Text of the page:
Debt can be a source of immense stress and depression, leading to rising suicide rates and relationship instability. It can come suddenly due to a health crisis, unemployment, or a natural disaster, or it can accumulate slowly over time. No matter the cause, it's important to understand how financial health can affect mental health and take steps to regain control of your finances. The first step is to make a list of all your debts on the Debt Reduction Plan form.
Note the low balance amounts and high APR balances. Then decide which balance makes the most sense to settle first and start paying off that balance. Make sure you understand who owns the debt so that payments go to the right agency. The National Foundation for Credit Counseling (NFCC) is a great resource for those struggling with debt.
They provide advice on how to change borrowing habits and look for ways out of debt. Debt settlement companies may also be an option, but they require you to stop paying creditors and place money in an account they control. It's important to be aware of how much debt you have and take steps to reduce spending. This will help you determine how much money you have left each month to pay off debt.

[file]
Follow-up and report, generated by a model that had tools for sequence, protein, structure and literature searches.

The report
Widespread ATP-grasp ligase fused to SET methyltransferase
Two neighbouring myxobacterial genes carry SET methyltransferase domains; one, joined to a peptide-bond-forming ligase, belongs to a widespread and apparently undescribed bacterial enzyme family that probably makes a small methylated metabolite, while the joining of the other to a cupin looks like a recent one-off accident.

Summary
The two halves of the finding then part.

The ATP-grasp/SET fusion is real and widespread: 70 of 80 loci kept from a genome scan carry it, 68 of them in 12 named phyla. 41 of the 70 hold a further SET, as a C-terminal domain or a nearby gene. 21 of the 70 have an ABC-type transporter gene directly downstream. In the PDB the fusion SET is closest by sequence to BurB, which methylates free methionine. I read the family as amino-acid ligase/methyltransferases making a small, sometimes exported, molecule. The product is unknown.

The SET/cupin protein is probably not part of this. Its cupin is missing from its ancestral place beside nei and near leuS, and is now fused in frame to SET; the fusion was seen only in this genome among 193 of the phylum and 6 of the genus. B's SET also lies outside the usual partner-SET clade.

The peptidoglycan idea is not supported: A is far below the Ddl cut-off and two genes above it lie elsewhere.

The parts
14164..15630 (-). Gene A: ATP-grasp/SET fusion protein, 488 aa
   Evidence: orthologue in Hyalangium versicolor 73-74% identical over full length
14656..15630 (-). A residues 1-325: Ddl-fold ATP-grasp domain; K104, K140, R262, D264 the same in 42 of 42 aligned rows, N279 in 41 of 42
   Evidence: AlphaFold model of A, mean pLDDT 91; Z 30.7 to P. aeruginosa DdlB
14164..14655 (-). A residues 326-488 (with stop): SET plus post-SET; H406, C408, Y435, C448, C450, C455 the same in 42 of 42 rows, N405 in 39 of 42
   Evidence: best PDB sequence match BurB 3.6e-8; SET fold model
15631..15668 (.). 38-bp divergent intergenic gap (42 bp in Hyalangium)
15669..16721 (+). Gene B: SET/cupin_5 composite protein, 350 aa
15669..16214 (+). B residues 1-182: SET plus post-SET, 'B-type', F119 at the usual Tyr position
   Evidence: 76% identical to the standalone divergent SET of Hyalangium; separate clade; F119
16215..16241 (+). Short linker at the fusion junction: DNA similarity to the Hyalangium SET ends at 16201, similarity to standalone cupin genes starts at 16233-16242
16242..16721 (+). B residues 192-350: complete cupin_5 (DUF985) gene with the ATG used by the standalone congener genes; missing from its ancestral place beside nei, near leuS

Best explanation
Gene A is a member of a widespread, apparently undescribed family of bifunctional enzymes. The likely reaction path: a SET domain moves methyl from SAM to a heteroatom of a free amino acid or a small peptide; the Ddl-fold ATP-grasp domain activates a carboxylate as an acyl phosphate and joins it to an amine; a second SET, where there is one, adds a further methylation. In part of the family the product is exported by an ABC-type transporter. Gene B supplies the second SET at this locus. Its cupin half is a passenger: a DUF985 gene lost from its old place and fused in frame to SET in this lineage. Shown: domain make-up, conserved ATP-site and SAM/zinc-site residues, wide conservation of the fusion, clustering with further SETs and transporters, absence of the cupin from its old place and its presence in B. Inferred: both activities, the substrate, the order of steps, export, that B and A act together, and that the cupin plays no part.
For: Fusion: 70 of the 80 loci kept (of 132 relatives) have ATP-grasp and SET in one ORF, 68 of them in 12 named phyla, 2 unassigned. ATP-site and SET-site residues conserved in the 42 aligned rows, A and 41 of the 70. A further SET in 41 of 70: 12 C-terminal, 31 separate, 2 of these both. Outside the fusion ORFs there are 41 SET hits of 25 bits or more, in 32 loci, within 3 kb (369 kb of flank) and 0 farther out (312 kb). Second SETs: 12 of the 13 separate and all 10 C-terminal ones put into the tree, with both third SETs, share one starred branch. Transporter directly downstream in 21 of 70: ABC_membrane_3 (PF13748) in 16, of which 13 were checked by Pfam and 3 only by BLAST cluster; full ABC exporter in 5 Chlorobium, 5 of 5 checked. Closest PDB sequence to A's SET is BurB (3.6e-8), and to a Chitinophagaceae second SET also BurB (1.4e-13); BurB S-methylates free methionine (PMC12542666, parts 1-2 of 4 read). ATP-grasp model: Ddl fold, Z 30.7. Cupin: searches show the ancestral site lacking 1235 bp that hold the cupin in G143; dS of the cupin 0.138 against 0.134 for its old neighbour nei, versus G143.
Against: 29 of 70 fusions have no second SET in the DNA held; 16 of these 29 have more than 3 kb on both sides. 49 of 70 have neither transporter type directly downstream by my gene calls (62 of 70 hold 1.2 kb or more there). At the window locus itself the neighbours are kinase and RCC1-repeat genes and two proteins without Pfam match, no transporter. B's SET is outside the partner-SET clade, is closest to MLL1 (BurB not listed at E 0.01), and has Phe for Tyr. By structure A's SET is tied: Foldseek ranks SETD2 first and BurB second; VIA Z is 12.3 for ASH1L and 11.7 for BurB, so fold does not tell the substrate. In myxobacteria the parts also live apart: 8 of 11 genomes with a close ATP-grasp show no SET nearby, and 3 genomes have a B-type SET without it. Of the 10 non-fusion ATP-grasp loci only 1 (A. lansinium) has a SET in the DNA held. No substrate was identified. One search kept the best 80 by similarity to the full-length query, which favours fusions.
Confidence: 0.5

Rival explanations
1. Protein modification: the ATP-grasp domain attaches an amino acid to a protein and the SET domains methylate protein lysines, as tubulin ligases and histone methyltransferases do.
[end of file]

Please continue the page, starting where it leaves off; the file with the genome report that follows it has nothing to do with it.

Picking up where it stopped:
The snowball approach is a popular method for tackling debt: start by paying off the lowest balance first, then move on to the next loan. Families suffering from debt may not be able to invest as much money in retirement or experience delays in traditional milestones such as starting a family or buying a home. Fortunately, there are resources available to help cope with financial stress and manage money better. Seeking help is the best way to start taking steps towards overcoming mental health and debt challenges.